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Munch's 'Scream' Sets Art Auction Record


Edvard Munch's "The Scream" auctioned at Sotheby's, New York, May 2, 2012.

Edvard Munch's "The Scream" auctioned at Sotheby's, New York, May 2, 2012.

One of the world's most famous paintings, Edvard Munch's "The Scream," sold for nearly $120 million on Wednesday, setting a record for the most expensive artwork sold at auction.

Sotheby's auction house in New York opened bidding for Munch's iconic 1895 painting - one of the most recognizable works of art in the world - at $40 million.

Within 15 minutes, bidding climbed to nearly $120 million.

The purchaser was not identified.

The seller, Norwegian businessman Peter Olsen, expressed hope that publicity surrounding the auction will increase awareness about Munch's work and about the message Olsen says the painting conveys.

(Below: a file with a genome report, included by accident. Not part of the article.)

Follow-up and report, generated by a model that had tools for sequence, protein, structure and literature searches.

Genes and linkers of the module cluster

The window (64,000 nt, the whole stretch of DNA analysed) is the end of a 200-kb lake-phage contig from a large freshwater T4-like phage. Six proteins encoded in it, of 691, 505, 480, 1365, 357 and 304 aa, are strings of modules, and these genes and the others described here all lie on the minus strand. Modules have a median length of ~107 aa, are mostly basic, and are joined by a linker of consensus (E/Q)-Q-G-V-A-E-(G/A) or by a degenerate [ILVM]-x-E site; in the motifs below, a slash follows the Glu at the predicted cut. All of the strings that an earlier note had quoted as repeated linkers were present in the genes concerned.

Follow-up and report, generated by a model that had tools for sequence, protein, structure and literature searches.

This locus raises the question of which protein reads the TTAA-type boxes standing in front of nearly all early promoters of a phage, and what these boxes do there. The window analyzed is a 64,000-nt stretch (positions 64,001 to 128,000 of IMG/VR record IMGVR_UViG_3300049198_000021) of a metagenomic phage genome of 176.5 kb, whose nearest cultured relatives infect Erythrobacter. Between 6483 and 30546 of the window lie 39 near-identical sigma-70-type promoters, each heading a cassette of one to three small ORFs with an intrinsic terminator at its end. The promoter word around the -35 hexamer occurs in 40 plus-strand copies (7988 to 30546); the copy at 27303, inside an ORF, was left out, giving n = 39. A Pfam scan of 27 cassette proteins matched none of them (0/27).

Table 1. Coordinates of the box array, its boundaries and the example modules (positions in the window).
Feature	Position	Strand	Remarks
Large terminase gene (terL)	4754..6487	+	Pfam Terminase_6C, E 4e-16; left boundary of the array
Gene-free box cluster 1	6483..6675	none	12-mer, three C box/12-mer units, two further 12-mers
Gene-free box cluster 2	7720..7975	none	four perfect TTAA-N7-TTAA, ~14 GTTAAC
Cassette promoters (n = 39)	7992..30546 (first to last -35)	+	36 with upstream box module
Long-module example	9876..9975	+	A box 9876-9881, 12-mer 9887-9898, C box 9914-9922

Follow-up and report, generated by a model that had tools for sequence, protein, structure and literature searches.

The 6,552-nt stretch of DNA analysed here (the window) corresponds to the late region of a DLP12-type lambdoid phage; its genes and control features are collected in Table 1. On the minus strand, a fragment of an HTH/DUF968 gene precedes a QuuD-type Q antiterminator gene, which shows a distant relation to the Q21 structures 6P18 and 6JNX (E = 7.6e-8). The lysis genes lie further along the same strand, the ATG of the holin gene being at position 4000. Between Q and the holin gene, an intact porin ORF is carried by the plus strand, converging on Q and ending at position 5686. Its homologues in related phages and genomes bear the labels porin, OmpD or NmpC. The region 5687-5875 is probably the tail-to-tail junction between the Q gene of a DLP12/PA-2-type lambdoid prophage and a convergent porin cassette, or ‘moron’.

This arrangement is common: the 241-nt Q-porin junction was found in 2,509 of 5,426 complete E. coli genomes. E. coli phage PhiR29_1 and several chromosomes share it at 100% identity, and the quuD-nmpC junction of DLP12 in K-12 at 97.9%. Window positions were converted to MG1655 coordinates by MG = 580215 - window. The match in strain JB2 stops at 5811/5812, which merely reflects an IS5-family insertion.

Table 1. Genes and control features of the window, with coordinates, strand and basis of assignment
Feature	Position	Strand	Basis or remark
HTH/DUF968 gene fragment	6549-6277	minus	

"'The Scream' is about anxiety, approaching and anticipating death," he said. "Munch's hand-painted poem on the frame ends with the words the great scream in nature. It is as if Munch has had a premonition of what man was going to inflict on nature."

Officials say proceeds from the sale will go toward building a museum in Norway.

Before now, the most expensive painting sold at auction was Pablo Picasso's 1932 work called "Nude, Green, Leave and Bust," which was sold by Christie's auction house for $106.5 million in 2010.

Some information for this report was provided by AP and Reuters.

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